After importing geodata from the GIS to MongoDB and creating a spatial index (part 1), the exciting (spatial) adventure starts. With „normal“ (relational) databases and their spatial extensions (Oracle spatial, PostgreSQL/PostGIS, SQLite/Spatialite,…) a lot of spatial queries and geoprocessing are possible. So let’s try to find out which adresses have to be evacuated 250m around some „event“…
MongoDB (3.2) is a kind of database-hipster at the moment – with improving support for spatial data. So it was time for me to discover some of it’s features concerning spatial data. As a GIS-user my first intention was to get some bigger simple (point) geodata into MongoDB. Part 1 covers this topic, part 2 will cover some spatial operations within MongoDB. I also want to do some performance checks between PostgreSQL/PostGIS and MongoDB related to geodata.
Yesterday my Fedora 23 did not show up the 3G-Modem (USB) in Network Manager Mobile Connections (using KDE; Kerndel 4.3). Having a look with dmesg reported a registered modem…
Today I started to test the developer-version of the upcoming QGIS 2.14 and found a nice feature integrated out-of-the-box. In previous QGIS-versions tracing along existing geometries required 3rd-party plug-ins (e.g. http://isticktoit.net/?p=131) – now it looks like integrated with QGIS 🙂
Update 7.3.2016: Lutra Consulting describes all details in it’s Blog
Many different organisations have to deal with the management of guideposts – especially in alpine regions. Sometimes all the data about the guideposts is managed in databases and GIS-Systems, often no digital data management is in use. In the first case mostly internally developed databases/applications are used and there is no open technical “standard” for storing “guidepost-data” and EXCHANGING it. In some regions – like in Tyrol – governmental standards for the guideposts (“the hardware”) are available (how guideposts have to look like – e.g. size, classification of difficulty, …). Based on the idea that around the world guideposts have some elements (direction, name of target,…) in common, we started to work on a modern technical standard…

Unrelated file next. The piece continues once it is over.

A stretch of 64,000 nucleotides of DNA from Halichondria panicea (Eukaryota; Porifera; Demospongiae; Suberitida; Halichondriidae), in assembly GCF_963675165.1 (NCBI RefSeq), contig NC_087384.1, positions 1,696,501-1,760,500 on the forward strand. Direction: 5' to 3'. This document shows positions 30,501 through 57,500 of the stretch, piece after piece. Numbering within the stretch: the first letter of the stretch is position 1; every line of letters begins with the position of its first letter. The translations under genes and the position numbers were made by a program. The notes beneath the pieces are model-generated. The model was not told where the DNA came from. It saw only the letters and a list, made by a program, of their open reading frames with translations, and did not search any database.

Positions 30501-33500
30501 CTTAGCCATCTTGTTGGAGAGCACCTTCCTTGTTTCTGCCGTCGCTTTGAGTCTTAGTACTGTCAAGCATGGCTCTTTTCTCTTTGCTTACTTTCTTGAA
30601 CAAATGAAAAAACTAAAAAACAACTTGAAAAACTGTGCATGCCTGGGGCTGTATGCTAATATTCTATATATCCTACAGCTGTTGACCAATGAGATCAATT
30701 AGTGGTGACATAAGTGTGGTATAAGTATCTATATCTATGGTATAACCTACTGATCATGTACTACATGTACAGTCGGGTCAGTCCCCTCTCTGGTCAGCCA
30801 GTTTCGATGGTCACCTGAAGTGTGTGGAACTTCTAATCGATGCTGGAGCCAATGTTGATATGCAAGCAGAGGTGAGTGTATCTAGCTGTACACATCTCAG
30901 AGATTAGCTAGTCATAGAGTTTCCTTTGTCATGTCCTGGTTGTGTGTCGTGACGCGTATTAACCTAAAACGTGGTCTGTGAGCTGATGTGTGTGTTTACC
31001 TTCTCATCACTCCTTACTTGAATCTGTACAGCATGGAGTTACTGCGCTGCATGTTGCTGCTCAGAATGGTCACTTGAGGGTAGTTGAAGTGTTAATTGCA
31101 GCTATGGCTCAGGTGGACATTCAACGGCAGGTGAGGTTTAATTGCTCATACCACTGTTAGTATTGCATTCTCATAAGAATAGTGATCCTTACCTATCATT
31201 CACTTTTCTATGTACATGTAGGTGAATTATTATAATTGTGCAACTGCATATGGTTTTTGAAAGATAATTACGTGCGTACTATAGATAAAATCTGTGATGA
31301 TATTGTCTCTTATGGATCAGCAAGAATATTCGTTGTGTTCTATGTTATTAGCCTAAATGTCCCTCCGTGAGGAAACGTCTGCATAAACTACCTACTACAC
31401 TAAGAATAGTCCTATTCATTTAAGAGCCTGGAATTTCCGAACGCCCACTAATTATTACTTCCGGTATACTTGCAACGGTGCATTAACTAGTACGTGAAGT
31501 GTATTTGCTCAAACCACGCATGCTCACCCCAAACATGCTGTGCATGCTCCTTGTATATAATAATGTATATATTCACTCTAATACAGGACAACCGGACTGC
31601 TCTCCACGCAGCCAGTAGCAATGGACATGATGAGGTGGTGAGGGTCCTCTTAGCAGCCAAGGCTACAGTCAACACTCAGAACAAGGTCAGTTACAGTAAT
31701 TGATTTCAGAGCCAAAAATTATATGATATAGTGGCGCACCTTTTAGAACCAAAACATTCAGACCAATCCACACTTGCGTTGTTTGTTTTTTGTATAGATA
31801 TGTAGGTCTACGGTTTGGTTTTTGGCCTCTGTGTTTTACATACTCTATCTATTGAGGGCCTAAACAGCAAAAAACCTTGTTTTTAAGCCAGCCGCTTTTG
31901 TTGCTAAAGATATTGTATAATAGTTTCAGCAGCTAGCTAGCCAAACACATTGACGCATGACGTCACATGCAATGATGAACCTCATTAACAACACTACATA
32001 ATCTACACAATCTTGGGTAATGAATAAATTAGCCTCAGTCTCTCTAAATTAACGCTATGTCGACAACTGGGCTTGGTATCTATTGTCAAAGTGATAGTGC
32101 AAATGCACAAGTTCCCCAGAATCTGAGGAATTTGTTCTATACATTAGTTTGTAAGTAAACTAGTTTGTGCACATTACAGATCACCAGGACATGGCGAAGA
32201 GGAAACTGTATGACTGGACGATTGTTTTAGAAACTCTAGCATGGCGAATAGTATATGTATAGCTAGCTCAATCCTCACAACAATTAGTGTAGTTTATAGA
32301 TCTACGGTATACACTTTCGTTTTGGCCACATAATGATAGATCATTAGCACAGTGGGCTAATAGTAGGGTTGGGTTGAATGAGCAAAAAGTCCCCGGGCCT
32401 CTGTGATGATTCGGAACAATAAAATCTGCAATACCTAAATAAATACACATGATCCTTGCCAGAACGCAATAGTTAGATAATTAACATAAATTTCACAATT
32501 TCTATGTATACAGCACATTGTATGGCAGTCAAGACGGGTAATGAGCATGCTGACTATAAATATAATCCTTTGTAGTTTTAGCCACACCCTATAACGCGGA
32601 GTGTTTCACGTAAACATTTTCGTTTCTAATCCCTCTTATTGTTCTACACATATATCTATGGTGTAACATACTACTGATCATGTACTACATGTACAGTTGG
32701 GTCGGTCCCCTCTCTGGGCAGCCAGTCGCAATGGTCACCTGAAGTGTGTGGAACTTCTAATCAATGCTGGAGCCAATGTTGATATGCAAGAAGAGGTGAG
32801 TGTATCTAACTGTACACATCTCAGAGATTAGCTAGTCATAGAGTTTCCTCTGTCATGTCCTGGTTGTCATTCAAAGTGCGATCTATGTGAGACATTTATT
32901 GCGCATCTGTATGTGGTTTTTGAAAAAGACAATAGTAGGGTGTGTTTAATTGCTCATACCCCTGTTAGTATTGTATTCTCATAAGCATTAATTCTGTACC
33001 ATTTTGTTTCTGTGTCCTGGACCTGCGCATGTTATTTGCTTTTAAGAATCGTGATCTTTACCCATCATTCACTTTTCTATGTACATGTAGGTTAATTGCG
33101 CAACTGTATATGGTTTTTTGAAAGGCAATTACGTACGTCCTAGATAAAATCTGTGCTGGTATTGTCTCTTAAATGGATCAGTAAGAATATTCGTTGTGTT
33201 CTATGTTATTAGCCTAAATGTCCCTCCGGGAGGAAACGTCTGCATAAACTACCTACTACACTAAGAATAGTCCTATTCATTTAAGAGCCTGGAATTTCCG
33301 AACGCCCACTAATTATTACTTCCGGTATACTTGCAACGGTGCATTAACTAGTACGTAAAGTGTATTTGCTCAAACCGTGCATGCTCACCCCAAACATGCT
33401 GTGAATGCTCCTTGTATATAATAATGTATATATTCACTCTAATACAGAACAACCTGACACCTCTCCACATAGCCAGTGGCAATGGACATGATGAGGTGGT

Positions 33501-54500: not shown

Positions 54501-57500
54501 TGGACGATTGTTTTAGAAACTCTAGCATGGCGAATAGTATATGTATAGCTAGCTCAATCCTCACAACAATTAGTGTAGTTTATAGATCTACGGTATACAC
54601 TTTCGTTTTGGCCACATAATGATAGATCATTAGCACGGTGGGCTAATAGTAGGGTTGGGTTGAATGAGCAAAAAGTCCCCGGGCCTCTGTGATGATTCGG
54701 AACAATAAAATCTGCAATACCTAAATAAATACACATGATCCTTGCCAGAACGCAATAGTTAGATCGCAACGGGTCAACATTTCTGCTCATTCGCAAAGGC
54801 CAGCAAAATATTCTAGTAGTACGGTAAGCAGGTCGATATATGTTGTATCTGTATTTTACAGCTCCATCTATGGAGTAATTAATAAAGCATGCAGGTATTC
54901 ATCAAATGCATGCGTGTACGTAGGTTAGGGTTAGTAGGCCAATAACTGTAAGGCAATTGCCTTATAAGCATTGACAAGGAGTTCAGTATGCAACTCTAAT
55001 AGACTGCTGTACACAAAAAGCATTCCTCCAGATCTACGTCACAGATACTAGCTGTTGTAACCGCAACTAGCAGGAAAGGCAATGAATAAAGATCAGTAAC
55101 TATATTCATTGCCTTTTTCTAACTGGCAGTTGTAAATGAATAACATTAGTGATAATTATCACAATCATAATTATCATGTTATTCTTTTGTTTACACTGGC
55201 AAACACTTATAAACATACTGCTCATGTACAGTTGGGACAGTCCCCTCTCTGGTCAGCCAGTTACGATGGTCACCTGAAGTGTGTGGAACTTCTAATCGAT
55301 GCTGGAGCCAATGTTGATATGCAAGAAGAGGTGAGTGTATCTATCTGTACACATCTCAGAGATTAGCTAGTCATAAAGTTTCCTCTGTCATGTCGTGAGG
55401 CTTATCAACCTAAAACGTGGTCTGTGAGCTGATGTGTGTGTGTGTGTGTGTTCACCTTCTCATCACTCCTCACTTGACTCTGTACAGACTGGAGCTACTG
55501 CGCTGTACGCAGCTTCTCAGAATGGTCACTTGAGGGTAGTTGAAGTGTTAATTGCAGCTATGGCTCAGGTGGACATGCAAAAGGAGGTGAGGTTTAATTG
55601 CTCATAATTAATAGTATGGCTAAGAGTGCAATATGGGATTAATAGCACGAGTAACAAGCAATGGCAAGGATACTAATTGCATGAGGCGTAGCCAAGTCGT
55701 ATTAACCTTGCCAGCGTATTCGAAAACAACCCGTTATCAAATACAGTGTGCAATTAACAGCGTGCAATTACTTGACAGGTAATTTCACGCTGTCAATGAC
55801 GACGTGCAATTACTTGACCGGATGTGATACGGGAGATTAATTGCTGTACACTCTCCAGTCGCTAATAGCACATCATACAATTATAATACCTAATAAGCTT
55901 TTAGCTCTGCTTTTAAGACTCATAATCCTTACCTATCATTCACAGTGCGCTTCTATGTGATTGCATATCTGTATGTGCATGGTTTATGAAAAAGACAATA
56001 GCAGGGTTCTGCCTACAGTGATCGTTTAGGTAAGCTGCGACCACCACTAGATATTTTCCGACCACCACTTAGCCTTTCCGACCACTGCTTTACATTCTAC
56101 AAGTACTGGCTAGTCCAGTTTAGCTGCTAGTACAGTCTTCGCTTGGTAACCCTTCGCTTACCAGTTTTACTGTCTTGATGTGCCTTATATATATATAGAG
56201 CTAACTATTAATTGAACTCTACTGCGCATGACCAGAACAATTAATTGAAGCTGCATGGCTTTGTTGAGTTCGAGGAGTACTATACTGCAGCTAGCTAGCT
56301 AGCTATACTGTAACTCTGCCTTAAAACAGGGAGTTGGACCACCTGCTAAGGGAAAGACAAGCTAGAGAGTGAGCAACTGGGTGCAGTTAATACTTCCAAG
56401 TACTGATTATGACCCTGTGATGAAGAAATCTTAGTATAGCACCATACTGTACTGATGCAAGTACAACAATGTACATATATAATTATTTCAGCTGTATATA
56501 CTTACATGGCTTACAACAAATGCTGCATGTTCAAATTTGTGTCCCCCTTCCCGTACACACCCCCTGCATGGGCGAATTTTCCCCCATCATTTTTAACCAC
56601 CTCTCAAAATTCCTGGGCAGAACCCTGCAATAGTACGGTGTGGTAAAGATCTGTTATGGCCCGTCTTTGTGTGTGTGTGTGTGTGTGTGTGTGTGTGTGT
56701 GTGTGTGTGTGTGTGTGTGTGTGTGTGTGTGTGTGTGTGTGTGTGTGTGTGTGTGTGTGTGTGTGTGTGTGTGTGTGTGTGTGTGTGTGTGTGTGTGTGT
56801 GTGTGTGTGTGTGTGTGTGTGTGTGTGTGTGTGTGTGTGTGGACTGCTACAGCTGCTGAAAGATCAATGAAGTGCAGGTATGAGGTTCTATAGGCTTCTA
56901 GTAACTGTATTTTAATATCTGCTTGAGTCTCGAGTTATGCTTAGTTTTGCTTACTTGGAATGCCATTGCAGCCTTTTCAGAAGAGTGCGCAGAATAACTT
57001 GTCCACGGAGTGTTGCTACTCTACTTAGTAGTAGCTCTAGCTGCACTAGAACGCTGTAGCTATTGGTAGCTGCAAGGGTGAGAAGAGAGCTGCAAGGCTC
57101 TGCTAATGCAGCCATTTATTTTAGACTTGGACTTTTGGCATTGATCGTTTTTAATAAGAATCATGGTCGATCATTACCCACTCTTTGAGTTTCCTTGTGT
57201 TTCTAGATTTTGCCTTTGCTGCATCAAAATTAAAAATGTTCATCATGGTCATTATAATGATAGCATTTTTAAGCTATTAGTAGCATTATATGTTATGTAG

Die Verwendung eines Internet-Zugangs über Drei (drei.at / Hutchinson 3G) mit den DNS von Drei kann zu manch Überraschung führen. Gesperrte Webseiten und bei fehlerhaften URLs wird einem gleich durch eine von Drei zwischengeschaltete Seite „geholfen“ – inkl. Google Analytics. Netzneutralität ? User-Enscheidung ?
Just yesterday I wandet to use my mobile (Nexus 5 / Android 5.1 CM 12.1) for connecting to the internet on my notebook (Fedora 22 / KDE Plasma 5). Connecting it via USB and activating USB-Tethering did something in network manager – but did not connect 🙁
Sometimes (eg. doing it for a bulk of geodatasets) converting and transforming geodatasets from their Source-CRS to another with command line tools like ogr2ogr (http://www.gdal.org/ ) can be helpful.
With ogr2ogr it’s also an easy task to use NTv2-based transformations like for Austria the AT_GIS_GRID.